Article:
The museum was created by virtue of a royal decree issued on 28 November 1911, and was originally installed on the site of La Cambre Abbey, in the former premises of the Royal Military Academy. Its collections having been considerably enriched, the institution moved in 1923 to the Cinquantenaire Park, where it gradually moved into the various buildings in the northern part of the complex. The new Royal Museum of the Armed Forces (French: Musée Royal de l'Armée, Dutch: Koninklijk Museum van het Leger) was inaugurated by King Albert I on 22 July 1923. It is established in the curved galleries of the northern portion of the hemicycle, as well as in the metallic halls located to the west and south of the interior garden.[5]

After the death of Albert I in 1934, the museum also took possession of part of the north pavilion of 1880, where the collection of casts of the future Royal Museums of Art and History (RMAH) had been established since 1886. On 9 April 1935, King Leopold III inaugurated a room there dedicated to his father and World War I. After 1945, the museum appropriated the entire pavilion; a section dedicated to Leopold III and World War II is set up there, inaugurated on 10 May 1955 by King Baudouin. Two years earlier, the institution had taken the official name of the Royal Museum of the Army and Military History (French: Musée Royal de l'Armée et d'Histoire Militaire or MRA, Dutch: Koninklijk Museum van het Leger en de Krijgsgeschiedenis or KLM).[5]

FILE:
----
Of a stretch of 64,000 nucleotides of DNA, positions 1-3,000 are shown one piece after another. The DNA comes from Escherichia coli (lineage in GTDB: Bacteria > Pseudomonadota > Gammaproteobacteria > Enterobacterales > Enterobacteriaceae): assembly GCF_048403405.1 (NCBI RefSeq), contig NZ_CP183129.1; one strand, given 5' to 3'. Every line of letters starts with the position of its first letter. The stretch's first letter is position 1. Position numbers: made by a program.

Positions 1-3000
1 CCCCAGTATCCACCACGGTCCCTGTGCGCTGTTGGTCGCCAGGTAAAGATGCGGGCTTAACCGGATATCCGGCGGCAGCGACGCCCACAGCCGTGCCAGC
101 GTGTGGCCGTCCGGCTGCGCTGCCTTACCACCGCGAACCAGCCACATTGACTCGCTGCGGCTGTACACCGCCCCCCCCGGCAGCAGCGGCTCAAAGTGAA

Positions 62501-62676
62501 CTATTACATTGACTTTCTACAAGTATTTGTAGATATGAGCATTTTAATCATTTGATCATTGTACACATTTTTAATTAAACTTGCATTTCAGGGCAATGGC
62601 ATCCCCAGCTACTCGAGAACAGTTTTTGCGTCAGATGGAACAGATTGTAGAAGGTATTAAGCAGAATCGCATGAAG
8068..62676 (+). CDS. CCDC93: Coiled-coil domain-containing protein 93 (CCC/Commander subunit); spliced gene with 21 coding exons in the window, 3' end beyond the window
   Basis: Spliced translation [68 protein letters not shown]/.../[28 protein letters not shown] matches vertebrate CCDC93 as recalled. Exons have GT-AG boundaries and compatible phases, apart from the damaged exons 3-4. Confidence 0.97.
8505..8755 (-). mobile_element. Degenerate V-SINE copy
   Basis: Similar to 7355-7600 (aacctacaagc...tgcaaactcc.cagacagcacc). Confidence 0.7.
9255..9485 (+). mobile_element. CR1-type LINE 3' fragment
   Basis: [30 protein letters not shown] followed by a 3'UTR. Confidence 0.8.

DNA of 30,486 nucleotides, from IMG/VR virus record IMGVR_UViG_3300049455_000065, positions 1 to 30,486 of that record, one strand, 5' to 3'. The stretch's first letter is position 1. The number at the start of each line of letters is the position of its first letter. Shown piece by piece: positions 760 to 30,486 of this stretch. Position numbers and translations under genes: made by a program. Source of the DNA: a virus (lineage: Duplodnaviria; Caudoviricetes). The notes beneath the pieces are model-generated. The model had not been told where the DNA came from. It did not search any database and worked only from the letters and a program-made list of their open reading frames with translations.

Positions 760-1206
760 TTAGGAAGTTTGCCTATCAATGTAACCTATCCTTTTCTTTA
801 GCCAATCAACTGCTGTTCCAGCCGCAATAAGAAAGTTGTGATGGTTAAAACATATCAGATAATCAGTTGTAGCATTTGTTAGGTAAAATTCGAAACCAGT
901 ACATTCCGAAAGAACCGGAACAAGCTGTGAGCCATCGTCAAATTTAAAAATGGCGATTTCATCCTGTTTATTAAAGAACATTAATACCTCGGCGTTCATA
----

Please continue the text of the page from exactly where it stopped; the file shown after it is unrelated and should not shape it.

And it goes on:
A fire destroyed the south wing of the complex in 1946, part of the Royal Museums of Art and History (RMAH).[5] The collection pieces were saved, and the burnt wing has since been rebuilt. As for the north wing, home to the Royal Museum of the Armed Forces and Military History, it was spared.

The building[edit]

View of the North Hall, housing the Military Museum

The museum occupies the two northernmost halls of the Cinquantenaire: the northern Bordiau wing and the North Hall. Completed for the 1880 exhibition, like its southern counterpart, destroyed by fire in 1946 (and since rebuilt), the North Hall is the oldest building in the complex. Constructed in stone and metal, it combines classical rigor and industrial innovation in an original way.

The building has a rectangular plan, marked at each corner by a projection. Set in a masonry structure, its imposing iron frame forms a single-span structure composed of eight vast arches. These are supported on the side facades by cast iron buttresses with arcades on masonry buttresses. They are composed of two curved beams connected by means of metal parts forming a trellis, a motif that is found in other metal constructions of Bordiau. At the top of the roof is a saddleback skylight of which only the thin vertical walls are glazed.[5]


The museum's collection originally consisted of approximately 900 pieces collected by the officer Louis Leconte following World War I.[5] Leconte collected considerable equipment abandoned by the Germans in 1918. The collection was later heavily enriched by legacies, gifts and exchanges.

Important developments in the 20th century included the opening of three new Departments of Technology, Scientific Documentation and Research in 1976, followed by the armoured vehicle section in 1980, the move of the armours collection from the Halle Gate to the northernmost hall in 1986, and the opening of the naval section in 1996.[5]